1. Increased Security
One of the stated goals of the Windows Vista release is to improve the security of the Windows operating system. To this end, Windows Vista includes a new security model known as User Account Control (UAC), which represents a shift from the traditional Windows user privilege model. It aims to improve the Windows standard user experience by reducing or eliminating the threat of malware, which has grown to epic proportions in the last few years. In spite of antivirus and anti-spyware software and firewalls, even a careful user can be burned by malware. Infected downloads or e-mail attachments can render a computer unusable and lead to several hours spent restoring the system.
Under UAC, all Vista users, including those with administrative rights, interact with their PCs as nonadministrators (that is, standard users) while performing common tasks. Interacting with the operating system as a standard user was nearly impossible at times with previous versions of Windows because standard user accounts were often too restrictive to be used with most application software. As a result, the majority of Windows users work with the system as administrators to implement many operations, such as installing software and printers, changing power settings, and even changing the time zone, all of which require administrator rights. Some applications even fail under a limited-user account because they were created with the expectation that the user would have access to protected directories and registry keys.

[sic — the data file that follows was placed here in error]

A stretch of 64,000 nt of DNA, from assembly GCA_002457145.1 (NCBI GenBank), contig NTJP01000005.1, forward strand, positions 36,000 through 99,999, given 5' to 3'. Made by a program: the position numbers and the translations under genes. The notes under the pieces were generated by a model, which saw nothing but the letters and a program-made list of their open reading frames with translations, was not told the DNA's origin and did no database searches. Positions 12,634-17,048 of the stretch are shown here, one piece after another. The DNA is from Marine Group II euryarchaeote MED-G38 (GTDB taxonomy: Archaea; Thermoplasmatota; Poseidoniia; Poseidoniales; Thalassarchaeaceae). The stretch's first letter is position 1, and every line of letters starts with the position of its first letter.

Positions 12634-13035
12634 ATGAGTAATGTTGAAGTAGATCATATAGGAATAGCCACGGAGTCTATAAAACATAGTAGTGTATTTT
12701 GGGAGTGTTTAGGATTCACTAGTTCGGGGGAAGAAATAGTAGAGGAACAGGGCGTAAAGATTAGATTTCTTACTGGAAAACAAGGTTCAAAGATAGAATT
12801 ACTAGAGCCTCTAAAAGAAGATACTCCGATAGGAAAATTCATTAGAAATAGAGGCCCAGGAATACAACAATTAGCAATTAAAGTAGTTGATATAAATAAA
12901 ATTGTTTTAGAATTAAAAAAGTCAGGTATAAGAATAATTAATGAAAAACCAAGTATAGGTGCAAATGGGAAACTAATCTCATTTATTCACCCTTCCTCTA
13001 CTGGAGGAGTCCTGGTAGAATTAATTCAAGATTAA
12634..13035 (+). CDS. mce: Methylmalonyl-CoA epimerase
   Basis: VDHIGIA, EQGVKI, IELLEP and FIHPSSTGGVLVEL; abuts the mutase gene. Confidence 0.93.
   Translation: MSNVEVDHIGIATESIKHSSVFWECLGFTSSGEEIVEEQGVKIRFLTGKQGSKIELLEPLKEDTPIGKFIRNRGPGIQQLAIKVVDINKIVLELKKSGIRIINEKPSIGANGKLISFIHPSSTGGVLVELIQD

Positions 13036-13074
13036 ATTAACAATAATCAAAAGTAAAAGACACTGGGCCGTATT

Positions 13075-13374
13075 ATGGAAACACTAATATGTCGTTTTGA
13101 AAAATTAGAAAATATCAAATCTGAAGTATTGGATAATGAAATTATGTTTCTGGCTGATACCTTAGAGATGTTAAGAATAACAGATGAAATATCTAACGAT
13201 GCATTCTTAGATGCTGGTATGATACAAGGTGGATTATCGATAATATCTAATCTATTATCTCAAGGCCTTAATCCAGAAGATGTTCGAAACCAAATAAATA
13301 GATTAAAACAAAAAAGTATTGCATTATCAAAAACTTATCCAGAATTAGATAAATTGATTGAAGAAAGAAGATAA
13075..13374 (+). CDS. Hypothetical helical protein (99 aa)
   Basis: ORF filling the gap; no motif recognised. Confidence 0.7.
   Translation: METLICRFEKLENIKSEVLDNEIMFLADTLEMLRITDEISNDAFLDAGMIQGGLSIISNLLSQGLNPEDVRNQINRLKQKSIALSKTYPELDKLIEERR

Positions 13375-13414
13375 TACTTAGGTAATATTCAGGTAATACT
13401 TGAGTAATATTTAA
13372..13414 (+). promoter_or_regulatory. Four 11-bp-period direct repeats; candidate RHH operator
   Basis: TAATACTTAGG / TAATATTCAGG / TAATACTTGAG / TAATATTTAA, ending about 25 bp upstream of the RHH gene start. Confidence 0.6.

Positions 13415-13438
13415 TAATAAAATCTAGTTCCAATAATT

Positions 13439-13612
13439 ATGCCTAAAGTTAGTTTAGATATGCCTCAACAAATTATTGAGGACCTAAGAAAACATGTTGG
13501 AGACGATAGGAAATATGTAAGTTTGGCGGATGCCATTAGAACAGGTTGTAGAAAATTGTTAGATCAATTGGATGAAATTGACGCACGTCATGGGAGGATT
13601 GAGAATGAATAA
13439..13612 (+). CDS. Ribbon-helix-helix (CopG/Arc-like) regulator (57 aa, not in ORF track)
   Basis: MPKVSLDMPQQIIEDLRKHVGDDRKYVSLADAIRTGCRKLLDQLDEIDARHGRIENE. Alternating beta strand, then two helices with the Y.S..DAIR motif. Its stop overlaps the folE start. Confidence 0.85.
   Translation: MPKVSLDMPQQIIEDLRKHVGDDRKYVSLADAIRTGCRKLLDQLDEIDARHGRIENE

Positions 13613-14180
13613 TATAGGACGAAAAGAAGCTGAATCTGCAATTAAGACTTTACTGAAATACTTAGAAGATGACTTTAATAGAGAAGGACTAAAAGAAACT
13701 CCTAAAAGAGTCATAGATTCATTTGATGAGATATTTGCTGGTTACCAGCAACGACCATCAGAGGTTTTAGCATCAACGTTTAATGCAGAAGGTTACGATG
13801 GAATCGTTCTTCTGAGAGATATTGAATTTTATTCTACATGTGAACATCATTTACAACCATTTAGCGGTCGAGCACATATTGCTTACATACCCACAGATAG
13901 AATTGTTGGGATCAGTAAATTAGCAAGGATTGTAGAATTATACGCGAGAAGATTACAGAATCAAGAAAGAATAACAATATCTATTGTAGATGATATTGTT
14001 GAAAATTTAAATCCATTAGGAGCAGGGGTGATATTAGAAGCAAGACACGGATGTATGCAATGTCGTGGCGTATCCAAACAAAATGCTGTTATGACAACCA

Under Vista, only users with administrative privileges can execute security-sensitive operations such as software installation. When you initiate an action requiring administrative rights, such as software installation, you are first prompted to confirm your action (or you are asked for an administrator password if you are not an administrator). At the same time, UAC also changes the privileges required for many common tasks, such as changing the time zone, power settings, and installing approved devices, so nonadministrator users can perform those tasks.